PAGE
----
Matt: And you know, adding the colors. I sat in on all those meetings. I go to all the design meetings. It was fascinating to watch us work through it. We tried not having black and white notes and coloring all the notes, and eventually we ended up on black and white because people are used to that. We struggled with, like, do you light up the lanes when you press them? How thick are the dividers between the lanes? We were tweaking stuff literally until the last day. And it was a nonstop process of iteration through the whole cycle to get it right. It’s very, very hard.

John: And it’s because people are so deep into music here, and want so badly to give people that experience and make it accessible. We can get my mom to play keyboards, and then get a great keyboard player, both being able to sightread something on easy and having a good time, not feeling like they’re reading music and suffering through a rehearsal process.

Matt I think it was a huge debate whether we had a key signature list at the beginning of each song. The keyboard people wanted it, and the design and UI people didn’t want it because they felt it was clutter. We went back and forth on that a bunch of times.

John: At the end of the day, that’s what designing games really is for something like this. If we’re translating a real-world experience, making decisions to give the most amount of information to people without overwhelming them. I think Rock Band Pro really walks that line of filling that screen with all the notes in the keyboard solo in Roundabout, without making you feel like you’re going to have an aneurysm from trying to play them.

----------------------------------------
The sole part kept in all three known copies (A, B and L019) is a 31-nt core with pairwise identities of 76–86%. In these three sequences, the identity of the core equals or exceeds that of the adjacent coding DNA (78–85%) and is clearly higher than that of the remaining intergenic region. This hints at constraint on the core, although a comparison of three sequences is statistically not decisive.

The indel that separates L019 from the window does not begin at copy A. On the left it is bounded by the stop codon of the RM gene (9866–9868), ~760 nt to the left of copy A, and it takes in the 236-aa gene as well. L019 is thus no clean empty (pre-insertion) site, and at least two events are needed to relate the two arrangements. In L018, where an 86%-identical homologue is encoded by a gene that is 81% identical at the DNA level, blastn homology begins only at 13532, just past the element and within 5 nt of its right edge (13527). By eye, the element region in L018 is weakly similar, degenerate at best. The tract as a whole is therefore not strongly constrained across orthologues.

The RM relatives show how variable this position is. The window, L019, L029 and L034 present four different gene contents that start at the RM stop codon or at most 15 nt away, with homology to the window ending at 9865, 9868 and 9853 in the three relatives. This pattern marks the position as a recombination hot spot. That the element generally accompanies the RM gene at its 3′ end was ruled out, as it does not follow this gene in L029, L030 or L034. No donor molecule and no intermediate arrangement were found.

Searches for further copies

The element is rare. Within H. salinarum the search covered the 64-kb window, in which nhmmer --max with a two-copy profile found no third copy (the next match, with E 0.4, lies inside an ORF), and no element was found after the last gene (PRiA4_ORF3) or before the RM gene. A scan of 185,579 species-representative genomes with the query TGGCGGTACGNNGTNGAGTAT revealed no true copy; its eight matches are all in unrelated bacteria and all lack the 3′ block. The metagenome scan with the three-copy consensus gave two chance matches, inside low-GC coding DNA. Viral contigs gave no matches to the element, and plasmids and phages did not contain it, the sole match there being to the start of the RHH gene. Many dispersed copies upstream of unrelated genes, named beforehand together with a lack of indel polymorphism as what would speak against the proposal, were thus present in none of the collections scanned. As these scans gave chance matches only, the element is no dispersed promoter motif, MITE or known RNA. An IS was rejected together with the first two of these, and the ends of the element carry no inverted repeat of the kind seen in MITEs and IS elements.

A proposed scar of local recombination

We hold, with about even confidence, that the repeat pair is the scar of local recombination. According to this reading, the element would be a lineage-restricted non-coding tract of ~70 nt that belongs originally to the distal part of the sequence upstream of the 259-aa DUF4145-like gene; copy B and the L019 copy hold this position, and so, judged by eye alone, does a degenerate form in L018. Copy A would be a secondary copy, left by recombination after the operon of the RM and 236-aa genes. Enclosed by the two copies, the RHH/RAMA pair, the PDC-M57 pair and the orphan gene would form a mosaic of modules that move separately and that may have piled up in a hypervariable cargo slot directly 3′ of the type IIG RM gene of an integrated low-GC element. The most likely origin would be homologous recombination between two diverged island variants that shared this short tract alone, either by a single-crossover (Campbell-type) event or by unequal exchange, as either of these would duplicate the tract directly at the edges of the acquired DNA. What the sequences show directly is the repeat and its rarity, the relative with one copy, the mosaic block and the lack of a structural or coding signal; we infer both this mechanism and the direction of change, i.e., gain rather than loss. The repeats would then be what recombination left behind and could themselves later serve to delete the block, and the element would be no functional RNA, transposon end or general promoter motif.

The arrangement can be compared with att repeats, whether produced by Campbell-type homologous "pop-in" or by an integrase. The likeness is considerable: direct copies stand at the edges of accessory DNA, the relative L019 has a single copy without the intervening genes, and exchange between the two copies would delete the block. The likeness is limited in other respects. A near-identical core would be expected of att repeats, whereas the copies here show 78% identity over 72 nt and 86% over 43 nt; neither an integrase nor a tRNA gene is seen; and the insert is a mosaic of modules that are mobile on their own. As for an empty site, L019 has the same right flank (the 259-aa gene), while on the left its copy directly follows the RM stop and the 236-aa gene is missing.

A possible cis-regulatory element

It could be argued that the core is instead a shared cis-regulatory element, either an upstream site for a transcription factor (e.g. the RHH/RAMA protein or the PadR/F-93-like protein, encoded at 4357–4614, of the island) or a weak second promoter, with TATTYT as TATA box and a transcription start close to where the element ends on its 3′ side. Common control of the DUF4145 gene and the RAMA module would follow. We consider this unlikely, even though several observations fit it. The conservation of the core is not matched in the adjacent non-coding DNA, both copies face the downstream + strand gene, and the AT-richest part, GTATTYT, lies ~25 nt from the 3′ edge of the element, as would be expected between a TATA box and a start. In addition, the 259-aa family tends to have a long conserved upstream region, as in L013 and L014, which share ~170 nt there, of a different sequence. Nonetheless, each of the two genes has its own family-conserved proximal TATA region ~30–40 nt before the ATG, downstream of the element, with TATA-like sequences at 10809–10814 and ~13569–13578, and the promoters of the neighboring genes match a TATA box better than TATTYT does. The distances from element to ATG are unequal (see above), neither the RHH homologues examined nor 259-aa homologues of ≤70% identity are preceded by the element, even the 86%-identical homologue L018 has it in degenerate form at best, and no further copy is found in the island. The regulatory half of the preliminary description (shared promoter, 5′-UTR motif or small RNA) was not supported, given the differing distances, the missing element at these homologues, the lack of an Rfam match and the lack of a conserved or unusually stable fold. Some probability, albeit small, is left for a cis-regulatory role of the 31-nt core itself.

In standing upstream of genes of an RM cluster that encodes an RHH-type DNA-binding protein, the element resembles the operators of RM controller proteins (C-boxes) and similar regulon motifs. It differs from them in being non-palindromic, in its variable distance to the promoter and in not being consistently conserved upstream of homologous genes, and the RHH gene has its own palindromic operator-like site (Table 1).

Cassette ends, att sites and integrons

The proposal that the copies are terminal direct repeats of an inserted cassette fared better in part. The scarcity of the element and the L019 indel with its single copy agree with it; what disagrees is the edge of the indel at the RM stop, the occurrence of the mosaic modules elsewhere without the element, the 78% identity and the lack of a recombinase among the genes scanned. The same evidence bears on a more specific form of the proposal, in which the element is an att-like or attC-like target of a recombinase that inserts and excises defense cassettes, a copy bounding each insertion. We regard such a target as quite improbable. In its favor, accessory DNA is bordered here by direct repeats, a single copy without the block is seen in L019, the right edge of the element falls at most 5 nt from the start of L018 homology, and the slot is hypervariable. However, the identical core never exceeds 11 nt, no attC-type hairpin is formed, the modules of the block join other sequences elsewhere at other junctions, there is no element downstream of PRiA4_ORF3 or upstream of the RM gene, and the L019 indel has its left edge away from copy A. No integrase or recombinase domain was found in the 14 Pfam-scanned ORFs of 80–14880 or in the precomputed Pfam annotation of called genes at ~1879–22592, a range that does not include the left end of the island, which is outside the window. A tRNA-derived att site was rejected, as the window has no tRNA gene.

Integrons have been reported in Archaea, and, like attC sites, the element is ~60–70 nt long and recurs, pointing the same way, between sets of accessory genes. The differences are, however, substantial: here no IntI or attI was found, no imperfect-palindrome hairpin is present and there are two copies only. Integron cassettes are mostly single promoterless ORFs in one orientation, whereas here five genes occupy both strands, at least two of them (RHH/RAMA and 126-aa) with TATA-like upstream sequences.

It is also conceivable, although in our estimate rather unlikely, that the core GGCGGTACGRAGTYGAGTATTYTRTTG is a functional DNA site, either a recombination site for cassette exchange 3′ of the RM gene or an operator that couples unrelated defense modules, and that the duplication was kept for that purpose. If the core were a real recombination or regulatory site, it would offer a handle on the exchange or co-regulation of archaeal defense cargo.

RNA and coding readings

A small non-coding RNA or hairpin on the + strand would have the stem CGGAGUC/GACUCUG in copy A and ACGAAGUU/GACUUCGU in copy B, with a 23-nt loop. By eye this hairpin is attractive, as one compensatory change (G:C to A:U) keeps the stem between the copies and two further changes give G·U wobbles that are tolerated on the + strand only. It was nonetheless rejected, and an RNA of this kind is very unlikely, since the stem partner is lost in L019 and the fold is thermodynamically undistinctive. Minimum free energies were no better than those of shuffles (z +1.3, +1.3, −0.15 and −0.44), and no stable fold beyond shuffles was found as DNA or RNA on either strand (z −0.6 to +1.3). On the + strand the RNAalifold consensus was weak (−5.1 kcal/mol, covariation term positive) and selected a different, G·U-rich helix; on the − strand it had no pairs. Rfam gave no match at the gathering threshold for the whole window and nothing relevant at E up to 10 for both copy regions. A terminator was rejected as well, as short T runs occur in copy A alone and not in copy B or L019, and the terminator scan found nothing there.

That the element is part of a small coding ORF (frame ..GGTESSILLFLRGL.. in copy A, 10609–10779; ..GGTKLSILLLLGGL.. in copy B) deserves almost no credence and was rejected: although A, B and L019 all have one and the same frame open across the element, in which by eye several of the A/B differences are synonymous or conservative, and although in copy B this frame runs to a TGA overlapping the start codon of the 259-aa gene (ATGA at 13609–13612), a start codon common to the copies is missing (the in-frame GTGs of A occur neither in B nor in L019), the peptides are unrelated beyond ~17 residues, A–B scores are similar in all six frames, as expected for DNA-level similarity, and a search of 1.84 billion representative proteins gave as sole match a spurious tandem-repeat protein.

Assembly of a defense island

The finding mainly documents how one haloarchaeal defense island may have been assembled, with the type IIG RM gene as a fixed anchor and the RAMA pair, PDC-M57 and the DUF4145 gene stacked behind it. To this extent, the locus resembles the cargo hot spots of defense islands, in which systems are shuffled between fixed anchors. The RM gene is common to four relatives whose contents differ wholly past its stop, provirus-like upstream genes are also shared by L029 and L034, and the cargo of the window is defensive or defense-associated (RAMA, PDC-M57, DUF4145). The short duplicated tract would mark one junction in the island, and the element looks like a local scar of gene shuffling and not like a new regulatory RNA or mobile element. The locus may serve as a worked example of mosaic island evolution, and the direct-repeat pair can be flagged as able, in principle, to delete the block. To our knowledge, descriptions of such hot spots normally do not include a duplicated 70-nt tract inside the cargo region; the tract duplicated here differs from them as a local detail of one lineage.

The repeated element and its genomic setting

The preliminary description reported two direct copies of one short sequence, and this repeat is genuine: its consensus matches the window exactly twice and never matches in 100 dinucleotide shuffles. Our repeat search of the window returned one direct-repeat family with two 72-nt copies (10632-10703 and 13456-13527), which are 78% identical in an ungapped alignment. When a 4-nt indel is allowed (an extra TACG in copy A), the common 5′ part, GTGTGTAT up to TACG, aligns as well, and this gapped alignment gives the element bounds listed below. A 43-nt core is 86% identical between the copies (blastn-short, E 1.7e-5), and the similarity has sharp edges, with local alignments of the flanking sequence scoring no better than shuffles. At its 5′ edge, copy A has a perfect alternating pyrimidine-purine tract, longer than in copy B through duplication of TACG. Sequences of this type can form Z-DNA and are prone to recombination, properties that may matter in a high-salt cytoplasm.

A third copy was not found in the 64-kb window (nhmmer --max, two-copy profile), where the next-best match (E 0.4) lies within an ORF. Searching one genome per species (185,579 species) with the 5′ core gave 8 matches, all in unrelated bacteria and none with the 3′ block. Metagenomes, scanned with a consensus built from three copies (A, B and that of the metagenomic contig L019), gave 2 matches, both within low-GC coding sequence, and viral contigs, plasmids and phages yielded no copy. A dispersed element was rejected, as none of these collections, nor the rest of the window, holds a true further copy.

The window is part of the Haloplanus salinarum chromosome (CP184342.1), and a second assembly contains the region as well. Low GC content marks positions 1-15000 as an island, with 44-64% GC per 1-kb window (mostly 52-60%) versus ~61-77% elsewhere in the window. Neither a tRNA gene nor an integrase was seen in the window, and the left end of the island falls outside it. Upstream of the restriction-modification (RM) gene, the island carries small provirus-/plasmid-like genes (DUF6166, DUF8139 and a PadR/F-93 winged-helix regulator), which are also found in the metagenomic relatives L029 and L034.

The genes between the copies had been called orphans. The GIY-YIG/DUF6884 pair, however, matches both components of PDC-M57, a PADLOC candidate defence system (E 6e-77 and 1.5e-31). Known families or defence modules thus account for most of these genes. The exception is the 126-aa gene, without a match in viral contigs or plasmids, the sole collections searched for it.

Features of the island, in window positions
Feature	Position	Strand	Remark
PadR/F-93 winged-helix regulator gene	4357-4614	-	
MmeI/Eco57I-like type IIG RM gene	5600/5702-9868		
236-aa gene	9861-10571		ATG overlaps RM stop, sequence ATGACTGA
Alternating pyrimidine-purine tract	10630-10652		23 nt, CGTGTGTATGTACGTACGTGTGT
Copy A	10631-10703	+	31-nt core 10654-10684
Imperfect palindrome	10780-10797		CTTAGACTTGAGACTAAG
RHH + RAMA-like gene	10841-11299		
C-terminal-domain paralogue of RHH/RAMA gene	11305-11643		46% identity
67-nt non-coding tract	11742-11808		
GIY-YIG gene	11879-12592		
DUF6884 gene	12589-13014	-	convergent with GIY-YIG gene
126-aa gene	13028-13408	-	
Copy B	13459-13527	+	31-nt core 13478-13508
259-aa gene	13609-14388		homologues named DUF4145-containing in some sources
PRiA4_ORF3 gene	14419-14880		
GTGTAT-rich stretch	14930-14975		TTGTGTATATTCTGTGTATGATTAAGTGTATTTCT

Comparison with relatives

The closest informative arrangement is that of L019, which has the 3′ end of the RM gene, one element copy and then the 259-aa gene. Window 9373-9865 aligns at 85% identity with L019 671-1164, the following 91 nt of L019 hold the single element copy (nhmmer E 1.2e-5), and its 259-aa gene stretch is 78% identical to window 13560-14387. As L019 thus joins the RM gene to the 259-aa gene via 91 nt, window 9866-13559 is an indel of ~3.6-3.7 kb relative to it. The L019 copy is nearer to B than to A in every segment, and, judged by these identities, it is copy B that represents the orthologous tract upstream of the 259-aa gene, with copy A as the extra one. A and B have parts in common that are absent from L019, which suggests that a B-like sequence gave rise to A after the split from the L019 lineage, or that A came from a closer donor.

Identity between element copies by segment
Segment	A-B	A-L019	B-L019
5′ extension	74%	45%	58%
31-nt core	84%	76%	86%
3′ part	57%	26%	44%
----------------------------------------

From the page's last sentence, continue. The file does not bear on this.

My favorite thing is what people said about the pro guitar — that’s been in development as long, if not longer, than keyboards. We’ve been futzing around with that for two-plus years. And playtesting it, people were saying, oh, sure, you can play on it, and it makes sense to you, but you’re a guitar player. And to bring people in who never played guitar before, and give them our tutorial system, to see them like an hour later playing power chords? Playing I Love Rock and Roll? I mean, they’re not mastering it and no one’s playing crazy guitar solos, but to be able to fret three or four chords based on learning it through the game in an hour or two hours. Having them have to stop because their hands hurt — they were grinning from ear to ear, and they were doing it and loving it.

That’s the power of someone learning an instrument and getting excited about it. That’s what we had hoped would happen. The idea that anyone could pick up a guitar and spend two or three hours in our game and walk away knowing two or three chords and how open notes work and how they can move their way around a fretboard — that’s pretty crazy.

That’s the biggest surprise to me — that it fucking works.

It’s why people have been playing music for thousands of years.

All photos: Kyle Mercury. Images courtesy Harmonix.

Quelle: createdigitalmusic.com